Pregnant women who contract measles, and have not been vaccinated, may also give birth prematurely, or have a low-birth-weight baby.

How does measles spread?
Measles spreads when an infected person breathes, coughs, or sneezes. It is very contagious. You can catch measles just by being in a room where a person with measles has been, even after that person is gone. You can catch measles from an infected person up to 4 days before they develop the measles rash.

What is the MMR vaccine?
The MMR vaccine is a shot that combines vaccines for three diseases—measles, mumps, and rubella. The vaccine protects people by preparing their bodies to fight the measles virus. The measles vaccine is very effective and has been in use since the 1960s! Two doses of vaccine are about 97% effective at preventing measles. One dose of vaccine is about 93% effective.

Why should I or my child get the MMR vaccine?
Getting the MMR vaccine protects you or your child against measles. It also protects other people who can’t get the vaccine. For example, babies under 1 year old are too young to get the vaccine, but they can still get sick with measles. Also, people with cancer or other serious problems with their immune systems cannot be vaccinated. A high level of vaccination in the community helps protect everyone.

When should my child get the MMR vaccine?
Children should get two doses of the MMR vaccine for best protection:

  • The first dose at 12 through 15 months, and
  • The second dose at 4 through 6 years of age.

Children often get MMR vaccine at the same time as other vaccines. This is safe, even for young children.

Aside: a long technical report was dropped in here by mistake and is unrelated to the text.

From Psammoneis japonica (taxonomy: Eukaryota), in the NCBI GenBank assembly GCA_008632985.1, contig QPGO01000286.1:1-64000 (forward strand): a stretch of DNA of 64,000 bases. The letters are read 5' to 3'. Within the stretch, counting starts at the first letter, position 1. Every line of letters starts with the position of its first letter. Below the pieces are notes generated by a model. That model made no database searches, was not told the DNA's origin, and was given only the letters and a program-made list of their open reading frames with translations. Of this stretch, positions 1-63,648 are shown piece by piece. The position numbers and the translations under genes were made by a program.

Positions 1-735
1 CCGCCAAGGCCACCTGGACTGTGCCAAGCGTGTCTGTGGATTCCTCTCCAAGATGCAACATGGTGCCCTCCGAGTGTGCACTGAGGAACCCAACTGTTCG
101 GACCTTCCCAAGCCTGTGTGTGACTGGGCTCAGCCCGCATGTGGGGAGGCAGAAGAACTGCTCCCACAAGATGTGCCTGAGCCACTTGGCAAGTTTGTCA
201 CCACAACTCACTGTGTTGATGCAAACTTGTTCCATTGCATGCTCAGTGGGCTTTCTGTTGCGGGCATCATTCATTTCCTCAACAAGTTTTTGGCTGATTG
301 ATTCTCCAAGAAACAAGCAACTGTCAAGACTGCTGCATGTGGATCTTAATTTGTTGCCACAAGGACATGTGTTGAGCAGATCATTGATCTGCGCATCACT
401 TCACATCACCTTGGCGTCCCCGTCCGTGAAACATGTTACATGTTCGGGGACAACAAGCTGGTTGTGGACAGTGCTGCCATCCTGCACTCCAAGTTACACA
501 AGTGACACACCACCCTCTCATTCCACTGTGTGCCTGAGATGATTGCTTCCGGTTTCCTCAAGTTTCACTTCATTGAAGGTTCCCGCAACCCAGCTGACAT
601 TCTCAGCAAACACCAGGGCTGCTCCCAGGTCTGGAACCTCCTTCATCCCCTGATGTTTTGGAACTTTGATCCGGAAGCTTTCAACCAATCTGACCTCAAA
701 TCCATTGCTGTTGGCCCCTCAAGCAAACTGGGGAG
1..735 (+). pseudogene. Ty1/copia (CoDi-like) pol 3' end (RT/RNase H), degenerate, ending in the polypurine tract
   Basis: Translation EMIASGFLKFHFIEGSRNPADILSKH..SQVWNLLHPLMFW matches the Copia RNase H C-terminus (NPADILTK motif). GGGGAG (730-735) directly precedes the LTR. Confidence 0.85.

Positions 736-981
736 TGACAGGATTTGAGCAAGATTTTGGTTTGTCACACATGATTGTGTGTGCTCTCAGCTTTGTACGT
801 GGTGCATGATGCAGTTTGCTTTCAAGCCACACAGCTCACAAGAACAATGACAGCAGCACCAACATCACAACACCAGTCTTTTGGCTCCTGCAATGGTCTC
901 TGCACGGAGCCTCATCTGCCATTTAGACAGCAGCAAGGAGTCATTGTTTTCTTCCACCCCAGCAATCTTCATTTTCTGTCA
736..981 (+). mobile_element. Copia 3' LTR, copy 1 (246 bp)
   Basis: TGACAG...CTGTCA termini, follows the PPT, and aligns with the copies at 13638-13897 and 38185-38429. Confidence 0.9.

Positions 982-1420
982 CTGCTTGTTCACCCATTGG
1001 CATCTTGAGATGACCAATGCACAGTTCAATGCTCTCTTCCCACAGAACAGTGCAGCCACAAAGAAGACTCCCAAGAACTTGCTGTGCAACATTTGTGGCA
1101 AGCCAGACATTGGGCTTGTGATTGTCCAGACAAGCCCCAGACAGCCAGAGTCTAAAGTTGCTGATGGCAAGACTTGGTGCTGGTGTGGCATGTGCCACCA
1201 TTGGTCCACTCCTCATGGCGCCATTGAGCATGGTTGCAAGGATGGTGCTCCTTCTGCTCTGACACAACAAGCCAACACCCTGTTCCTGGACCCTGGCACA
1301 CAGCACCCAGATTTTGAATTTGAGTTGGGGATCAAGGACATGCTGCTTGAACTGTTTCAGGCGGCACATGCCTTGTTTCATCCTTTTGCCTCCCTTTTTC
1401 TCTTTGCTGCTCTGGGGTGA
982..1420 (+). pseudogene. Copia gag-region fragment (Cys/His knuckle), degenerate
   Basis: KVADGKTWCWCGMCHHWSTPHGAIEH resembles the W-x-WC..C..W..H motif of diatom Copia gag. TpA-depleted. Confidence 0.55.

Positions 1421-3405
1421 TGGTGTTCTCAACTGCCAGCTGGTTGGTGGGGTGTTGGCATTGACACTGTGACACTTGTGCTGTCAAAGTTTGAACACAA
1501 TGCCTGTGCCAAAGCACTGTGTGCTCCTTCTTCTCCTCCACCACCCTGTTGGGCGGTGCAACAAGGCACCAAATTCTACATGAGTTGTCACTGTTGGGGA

Adults who do not have presumptive evidence of immunity should get at least one dose of MMR vaccine. Presumptive evidence of immunity would include being born before 1957, having had the measles, or having been vaccinated previously.

Certain adults may need 2 doses. Adults who are going to be in a setting that poses a high risk for measles or mumps transmission should make sure they have had two doses separated by at least 28 days. These adults include

  • students at post-high school education institutions
  • healthcare personnel
  • international travelers

During an outbreak, health officials may recommend the MMR vaccine be given to infants younger than 12 months of age, sometimes even to children as young as 6 months of age.

Measles outbreaks are occurring in every region of the world, including Europe, Asia, the Pacific, and Africa. Measles can enter the United States through infected travelers entering or traveling through to the U.S. as well as through infected U.S. travelers returning from other countries.